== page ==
California gay marriage case hangs on technicality
SAN FRANCISCO (Reuters) - The next stage of California's gay marriage court battle rests on a procedural issue that could halt the case, leaving same-sex unions legal in California without a U.S. Supreme Court ruling to guide the country.
A San Francisco federal judge struck down the California same-sex marriage ban, known as Proposition 8, earlier this month and the case was immediately appealed to the federal Ninth Circuit Court of Appeals.
On Monday, those appellate judges set a hearing for December and put gay marriages on hold pending appeal. They made only one comment relating to legal issues, asking the team supporting the same-sex marriage ban to say why the case should not be dismissed due to lack of standing -- a term for the right to appeal.
California's state government would be the proper body to represent the case for upholding Prop 8, but neither the governor nor the attorney general is willing to pursue it. The defense of the ban has so far been mounted by an independent group that must prove its right to appeal.
The appeals court will make its decision on standing as the first step in its ruling on the case after the December hearing. If it decides proponents of the ban do not have standing, the judges will not even look at the main argument. That would be in line with standard judicial policy of making rulings as narrow as possible.
Prop 8 passed in November 2008, angering liberals who wondered how trend-setting California could fall in line with roughly 40 other states that ban same-sex marriage. On the other side, social conservatives were encouraged and boasted that their cause had national support.
That led to the federal court case, with an unusual twist: Governor Arnold Schwarzenegger, a Republican, and Attorney General Jerry Brown, a Democrat, did not defend the ban and will not appeal the pro-gay-marriage decision.
Federal District Court Chief Judge Vaughn Walker has questioned whether the group that defended the ban can appeal on its own.
"As it appears at least doubtful that (Prop 8) proponents will be able to proceed with their appeal without a state defendant, it remains unclear whether the court of appeals will be able to reach the merits of proponents' appeal," he wrote.
Jesse Choper, a law professor at the University of California, Berkeley, said the appeals court seemed to see standing as a "genuine issue." Legal analysts are uncertain how the court might rule.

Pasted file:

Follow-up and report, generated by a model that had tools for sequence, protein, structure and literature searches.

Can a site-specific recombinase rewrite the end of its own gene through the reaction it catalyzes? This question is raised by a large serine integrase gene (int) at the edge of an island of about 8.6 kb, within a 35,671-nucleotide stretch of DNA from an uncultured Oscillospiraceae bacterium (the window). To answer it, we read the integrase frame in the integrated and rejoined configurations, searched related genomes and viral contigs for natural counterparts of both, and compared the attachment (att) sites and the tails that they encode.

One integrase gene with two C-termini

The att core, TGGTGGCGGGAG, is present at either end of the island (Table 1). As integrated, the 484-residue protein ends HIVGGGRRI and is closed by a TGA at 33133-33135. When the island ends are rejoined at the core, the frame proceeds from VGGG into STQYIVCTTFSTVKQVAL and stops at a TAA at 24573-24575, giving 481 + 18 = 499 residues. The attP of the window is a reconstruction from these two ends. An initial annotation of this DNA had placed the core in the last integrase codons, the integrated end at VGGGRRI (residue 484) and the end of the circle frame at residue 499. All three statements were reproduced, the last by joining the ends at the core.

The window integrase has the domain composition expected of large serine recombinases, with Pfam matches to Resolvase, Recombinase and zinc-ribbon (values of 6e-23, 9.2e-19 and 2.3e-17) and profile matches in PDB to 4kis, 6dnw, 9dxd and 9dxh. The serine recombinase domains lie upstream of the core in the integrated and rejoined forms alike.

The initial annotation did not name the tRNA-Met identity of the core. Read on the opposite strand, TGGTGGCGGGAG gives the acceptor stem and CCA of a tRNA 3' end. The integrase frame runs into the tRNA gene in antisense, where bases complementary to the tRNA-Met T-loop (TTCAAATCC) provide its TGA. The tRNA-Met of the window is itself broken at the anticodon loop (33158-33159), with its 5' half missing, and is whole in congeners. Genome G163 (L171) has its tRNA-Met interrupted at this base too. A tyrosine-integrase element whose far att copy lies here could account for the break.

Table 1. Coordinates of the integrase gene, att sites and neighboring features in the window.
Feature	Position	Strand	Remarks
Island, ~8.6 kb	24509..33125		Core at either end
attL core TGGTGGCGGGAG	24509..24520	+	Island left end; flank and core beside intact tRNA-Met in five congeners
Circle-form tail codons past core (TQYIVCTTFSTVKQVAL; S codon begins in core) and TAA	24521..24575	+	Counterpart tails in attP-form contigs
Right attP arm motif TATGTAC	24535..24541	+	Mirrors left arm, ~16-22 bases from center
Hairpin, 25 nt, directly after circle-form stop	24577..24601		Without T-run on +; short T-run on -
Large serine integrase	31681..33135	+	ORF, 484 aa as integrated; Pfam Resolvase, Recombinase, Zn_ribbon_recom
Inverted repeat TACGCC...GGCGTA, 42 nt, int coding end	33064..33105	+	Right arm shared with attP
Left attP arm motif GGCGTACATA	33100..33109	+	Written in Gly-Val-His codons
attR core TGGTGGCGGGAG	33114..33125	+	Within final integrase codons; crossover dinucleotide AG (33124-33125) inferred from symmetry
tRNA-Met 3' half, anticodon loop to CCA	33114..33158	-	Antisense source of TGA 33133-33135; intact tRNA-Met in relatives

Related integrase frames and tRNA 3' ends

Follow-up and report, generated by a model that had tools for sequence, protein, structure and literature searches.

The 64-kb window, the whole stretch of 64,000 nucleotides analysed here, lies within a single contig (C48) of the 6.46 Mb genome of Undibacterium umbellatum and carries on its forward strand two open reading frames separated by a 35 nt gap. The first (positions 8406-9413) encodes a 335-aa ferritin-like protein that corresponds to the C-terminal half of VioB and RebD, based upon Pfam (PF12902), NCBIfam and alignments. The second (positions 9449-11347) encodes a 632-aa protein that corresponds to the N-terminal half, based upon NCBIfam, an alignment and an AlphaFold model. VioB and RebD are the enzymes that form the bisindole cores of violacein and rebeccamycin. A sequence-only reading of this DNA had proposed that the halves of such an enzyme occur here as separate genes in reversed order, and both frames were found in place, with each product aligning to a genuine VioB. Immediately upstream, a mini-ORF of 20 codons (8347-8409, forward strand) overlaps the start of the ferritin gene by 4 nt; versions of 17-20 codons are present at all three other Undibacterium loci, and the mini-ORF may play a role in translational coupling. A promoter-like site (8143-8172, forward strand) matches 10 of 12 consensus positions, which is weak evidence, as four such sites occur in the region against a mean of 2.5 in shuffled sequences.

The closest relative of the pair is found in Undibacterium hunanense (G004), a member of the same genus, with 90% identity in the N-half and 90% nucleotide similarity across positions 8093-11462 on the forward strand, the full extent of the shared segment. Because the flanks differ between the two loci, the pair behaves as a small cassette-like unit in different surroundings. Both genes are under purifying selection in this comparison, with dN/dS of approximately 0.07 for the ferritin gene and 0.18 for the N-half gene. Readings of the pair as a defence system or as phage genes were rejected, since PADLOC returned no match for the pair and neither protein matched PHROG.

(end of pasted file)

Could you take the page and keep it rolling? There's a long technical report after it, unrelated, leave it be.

Prop 8 supporters say they have the right to appeal since California's leaders will not, and that the institution of marriage will be harmed by allowing same-sex unions.
NEVER ABANDON WINNING ARGUMENT
Same sex marriage advocates, who entered the case saying they wanted to take the issue to the U.S. Supreme Court to set national policy, now appear ready to limit the immediate fight to California.
"Our strong preference is to litigate this on the merits all the way through (to the Supreme Court) and prevail, but we would never cast aside a winning argument," said Ted Boutrous, one of the lawyers taking on the California ban.
If California courts reach a decision in favor of gay marriage, "It would be a powerful weapon in the battle for marriage equality across this country," said Boutrous.
It would also encourage gay rights advocates who had long avoided a federal court battle for fear that the Supreme Court would rule against them.
Kate Kendell, executive director of the National Center for Lesbian Rights, said if California's ban on same-sex matrimony if lifted permanently, it would have a "catalytic effect" on the gay marriage debate across the United States.
Kendell favors pursuing a ruling limited to California, in the hope of securing a victory, rather than risk taking the fight to the Supreme Court.
Therese Stewart, the San Francisco deputy city attorney who helped fight the federal court case on behalf of gay couples said her team is "certainly discussing" whether to emphasize the issue of standing, which ultimately is in the courts' hands.
"I think the pro of having it stop here is that you've got a ruling that allows marriage now in California, and sort of ends the battle in California," Stewart said.
"And there's less risk in the Supreme Court. The pro of going all the way is a ruling that could be positive nationwide. Different people have different views," she said.
(Editing by Cynthia Osterman and Chris Wilson)
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